The murders in Pembrokeshire
Mark Kermode's Secrets of the Cinema: British Comedy
One of the many animal hates for an editor I edited long ago was the phrase "brutal murder".
"All murders are brutal," he growled at guilty reporters, suggesting that he might have to prove it next time.
The cliché surfaced in a number of newspaper clippings The murders in Pembrokeshire (ITV) based on the police investigation into which serial killer John Cooper was trapped. But no crime deserves the word "brutal" more than Cooper's.
Screenwriter Nick Stevens has not hidden its wickedness or overlaid the shoddy glamor that obscures some of the violence in the other real-life drama, BBC1's The Serpent.
Luke Evans infused the police officer responsible for the investigation with a deep humanity and a touch of the poet
A middle-aged couple, Richard and Helen Thomas, were blown up at close range with a shotgun in 1985 before their home was burned down with their bodies inside. Three years later, two other married victims, Peter and Gwenda Dixon, were also shot. Their bodies were dumped on the Pembrokeshire coastal path. In both cases, bloodlust as well as robbery seemed to be the motive.
To make up for the sheer horror of the murders, Luke Evans infused the investigative officer, Detective Chief Superintendent Steve Wilkins, with a deep humanity and a touch of the poet.
Recently divorced, Wilkins made efforts to stay close to his teenage children. We felt that he had spent too little time with his wife and young family, and now, too late, he tried to make amends.
He also drank too much. He was never at home without a glass of wine and took a hip flask to work.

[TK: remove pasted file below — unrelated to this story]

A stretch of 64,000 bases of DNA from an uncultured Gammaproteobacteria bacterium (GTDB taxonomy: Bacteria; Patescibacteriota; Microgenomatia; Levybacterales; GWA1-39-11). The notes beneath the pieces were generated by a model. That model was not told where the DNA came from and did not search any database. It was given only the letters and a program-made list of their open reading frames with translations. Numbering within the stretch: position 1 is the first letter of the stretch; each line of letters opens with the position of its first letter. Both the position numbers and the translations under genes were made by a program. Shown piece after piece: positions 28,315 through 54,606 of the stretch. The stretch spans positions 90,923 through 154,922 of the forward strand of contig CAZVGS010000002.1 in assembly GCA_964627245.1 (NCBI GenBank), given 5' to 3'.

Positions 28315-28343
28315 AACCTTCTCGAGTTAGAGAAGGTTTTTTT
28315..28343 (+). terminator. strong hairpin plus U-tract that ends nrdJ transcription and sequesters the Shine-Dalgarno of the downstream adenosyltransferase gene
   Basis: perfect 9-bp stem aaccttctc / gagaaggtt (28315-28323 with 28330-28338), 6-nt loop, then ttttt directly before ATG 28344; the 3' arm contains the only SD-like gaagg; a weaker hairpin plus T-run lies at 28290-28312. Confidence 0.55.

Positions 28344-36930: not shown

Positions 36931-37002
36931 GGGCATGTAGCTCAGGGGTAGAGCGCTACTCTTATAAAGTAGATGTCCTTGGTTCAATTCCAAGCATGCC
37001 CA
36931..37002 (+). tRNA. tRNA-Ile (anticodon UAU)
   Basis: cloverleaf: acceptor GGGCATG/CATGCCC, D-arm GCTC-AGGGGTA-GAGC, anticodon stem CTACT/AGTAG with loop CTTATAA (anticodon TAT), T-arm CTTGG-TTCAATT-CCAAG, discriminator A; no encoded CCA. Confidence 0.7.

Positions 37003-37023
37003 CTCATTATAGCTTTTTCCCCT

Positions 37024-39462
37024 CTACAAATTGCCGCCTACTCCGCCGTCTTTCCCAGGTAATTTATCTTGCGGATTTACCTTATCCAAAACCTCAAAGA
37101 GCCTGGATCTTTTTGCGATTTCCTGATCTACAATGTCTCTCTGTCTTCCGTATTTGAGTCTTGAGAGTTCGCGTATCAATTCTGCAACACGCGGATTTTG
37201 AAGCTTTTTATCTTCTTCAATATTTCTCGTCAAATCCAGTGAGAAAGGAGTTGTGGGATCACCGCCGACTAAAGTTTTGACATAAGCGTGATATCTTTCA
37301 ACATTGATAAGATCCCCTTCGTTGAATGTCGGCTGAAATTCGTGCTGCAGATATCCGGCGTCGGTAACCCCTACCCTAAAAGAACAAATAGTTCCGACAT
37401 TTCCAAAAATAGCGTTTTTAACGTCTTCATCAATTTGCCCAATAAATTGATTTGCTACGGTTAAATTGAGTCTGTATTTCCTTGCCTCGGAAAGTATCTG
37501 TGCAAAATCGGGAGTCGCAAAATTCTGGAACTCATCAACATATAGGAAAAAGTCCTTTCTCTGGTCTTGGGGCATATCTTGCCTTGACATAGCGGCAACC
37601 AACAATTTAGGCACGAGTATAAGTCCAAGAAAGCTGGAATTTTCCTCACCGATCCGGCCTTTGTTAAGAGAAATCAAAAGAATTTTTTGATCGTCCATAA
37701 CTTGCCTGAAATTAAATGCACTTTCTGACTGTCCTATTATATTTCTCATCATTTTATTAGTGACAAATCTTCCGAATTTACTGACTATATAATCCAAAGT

But stray details revealed a reflective side, like the telescope in his apartment that looked out over the Irish Sea.
Tragic secret of the week:
Detectives botched their probe into the suicide in India of Jiah Khan, 25, a London-raised film star from Mumbai. Death in Bollywood (BBC2) began by exposing what the police were missing. Part two of that worrying report will air tonight.
And when he linked an unsolved rape from decades ago to Cooper, he told his team how it fitted into the investigation: the murders were the building blocks of the case, the sexual assault was the mortar that brought them together.
Most TV detectives won't give you such images. Imagine the look of contempt on DCI Vera's face when she comes out super with it.
So far we haven't seen much of Cooper, played by Keith Allen (Lily's father). The killer is a bullying little man who tries to find his way out of jail, where he is serving 16 years for armed robbery.
According to Mark Kermode's arduous and ham-fisted theories, the fact that Cooper is a short man in every way – dejected, unhappy, physically weed but delusional – makes him the archetypal British comic book hero.
The waffling film critic argued repeatedly in his Secrets of the Cinema: British Comedy (BBC4) that all comedies boil down to it, from Charlie Chaplin and Norman Wisdom to the unfortunate suicide bombers in Chris Morris' terrorism farce Four Lions.
Oh, and Paddington too, apparently. He's a "little man," says Mr. Movies.
Mark sat in an old three-part suite with a generous glass of whiskey on the table in front of him, shuffling movie clips like a sharp card and turning them over so quickly that the screen was just blurry.
Most of the time the sound was muted so it could explain to us why we should (or shouldn't) find each scene funny.
Here he can be seen in nude scenes in Calendar Girls and The Full Monty: "So it's interesting that two of the most popular comedies of the past 25 years see very different characters who lose social convention by taking off their clothes."
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